Man Ray started doing that in about 1924 I believe. Pretty old technique. It's a lot of fun with sparklers and things like that.
When I was about 6 in the mid. 1950's I helped my Dad with a project similar to this. He had an assignment to photograph the inside of the first utility dedicated tunnel under Chicago. He positioned the camera at one end and got everything set up and turned off all the lights. My assignment was to walk down the tunnel with a black cloth over me and pop the old huge Press flash bulbs as I walked down the tunnel to the end.
He'd tell me how many steps to take before popping the next bulb. Fun stuff and that photograph came out beautiful and very evenly lit from one end to the other.
Daytona Beach, Florida, US
I saw some awesome shots a couple months ago where the photographer used a laser to map rooms and people/surfaces etc. in each image. I will try to find a link to the images. Its not your typical painting with light, but extremely inspirational.
EDIT: look some of these images over, I really want to try this:
http://www.wired.com/rawfile/2012/08/to … /?pid=3455 Here it doesn't mention where I can quickly find that he used a laser, however I believe I read that somewhere. It says he originally started with LED lights.
UltimateAppeal wrote: I saw some awesome shots a couple months ago where the photographer used a laser to map rooms and people/surfaces etc. in each image. I will try to find a link to the images. Its not your typical painting with light, but extremely inspirational.
You all have any examples where you used a model in the shot? I tried that on a recent shoot and it didn't go to well. I have done light painting in the past that turned out good but at my recent shoot, I wanted the model to hit and hold her pose during the long exposure while i ran behind her with a flashing light and attempted to make all sorts of designs and light patterns then ran back over to the camera and flashed my strobe to put light on the model before the exposure ended and it didn't come out as I saw it in my head.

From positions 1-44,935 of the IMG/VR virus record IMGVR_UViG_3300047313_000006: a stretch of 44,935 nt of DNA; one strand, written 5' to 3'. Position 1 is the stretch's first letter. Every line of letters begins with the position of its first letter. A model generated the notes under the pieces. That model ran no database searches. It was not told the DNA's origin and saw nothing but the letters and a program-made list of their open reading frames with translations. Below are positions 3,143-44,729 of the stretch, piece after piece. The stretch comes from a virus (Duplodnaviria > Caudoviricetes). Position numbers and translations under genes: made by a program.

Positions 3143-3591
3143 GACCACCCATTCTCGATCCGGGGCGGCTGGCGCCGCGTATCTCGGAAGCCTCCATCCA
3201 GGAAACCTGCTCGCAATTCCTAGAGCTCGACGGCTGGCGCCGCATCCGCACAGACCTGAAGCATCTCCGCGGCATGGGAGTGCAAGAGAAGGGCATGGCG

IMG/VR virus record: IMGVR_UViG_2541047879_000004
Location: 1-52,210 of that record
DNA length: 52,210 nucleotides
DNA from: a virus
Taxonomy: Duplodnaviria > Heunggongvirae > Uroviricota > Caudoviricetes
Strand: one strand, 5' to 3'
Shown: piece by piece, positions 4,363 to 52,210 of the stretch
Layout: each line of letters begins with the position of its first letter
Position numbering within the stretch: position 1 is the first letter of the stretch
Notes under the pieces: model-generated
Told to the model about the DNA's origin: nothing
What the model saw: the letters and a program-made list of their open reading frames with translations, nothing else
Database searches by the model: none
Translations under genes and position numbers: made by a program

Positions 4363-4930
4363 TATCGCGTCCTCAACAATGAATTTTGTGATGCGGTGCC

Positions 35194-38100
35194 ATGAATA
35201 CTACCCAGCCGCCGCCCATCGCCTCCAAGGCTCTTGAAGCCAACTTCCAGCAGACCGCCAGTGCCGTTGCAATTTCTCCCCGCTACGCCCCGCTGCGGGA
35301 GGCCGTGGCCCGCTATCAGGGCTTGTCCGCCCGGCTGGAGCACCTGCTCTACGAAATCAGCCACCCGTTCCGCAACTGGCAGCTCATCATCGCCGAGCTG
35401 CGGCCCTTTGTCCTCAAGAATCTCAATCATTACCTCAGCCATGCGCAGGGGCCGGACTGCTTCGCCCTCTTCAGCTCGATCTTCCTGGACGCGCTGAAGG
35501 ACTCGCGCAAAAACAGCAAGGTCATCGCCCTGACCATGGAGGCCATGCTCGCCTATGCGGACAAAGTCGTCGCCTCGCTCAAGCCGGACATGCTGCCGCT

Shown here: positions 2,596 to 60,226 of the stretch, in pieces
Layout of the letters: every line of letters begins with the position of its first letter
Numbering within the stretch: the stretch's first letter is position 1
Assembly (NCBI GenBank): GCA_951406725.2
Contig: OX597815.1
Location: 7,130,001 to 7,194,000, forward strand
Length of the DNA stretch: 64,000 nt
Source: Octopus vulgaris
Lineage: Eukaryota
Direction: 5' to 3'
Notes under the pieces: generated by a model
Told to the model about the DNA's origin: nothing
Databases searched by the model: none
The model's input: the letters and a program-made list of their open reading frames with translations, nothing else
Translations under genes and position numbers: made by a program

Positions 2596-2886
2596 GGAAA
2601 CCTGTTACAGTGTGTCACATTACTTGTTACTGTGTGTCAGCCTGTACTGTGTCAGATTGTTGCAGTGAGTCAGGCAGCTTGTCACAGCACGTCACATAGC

The longest exposure I had it set for 20 seconds and then I bumped it down to about 8 seconds and it kinda worked but it still wasn't what I had envisioned.
If there are some examples anyone can post where you used a model and perhaps the camera settings you used as well that would be great. I'd like to revisit this on my next shoot.
Most of my best experiences with Light Painting has been with Landscapes. I've tried it with llamas before, but it is difficult to get someone to sit still enough for long enough. I don't have any of the shots on this computer.
One of the best (even though, still a failure...) was a tattoo shoot, and I only wanted the tats lit. So, I painted them, the shots came out great! Until you saw them on the big monitors. Every tattoo was lit great, the rest of the body fell out into darkness rather slowly, nicely, but every one was blurry. I've also done some neat "double exposure" things where I painted the face, eyes closed, and then just before the shutter closed, had her open her eyes. Real neat effect. I love Light Painting, it just seems to work better for me on things that can't move independently!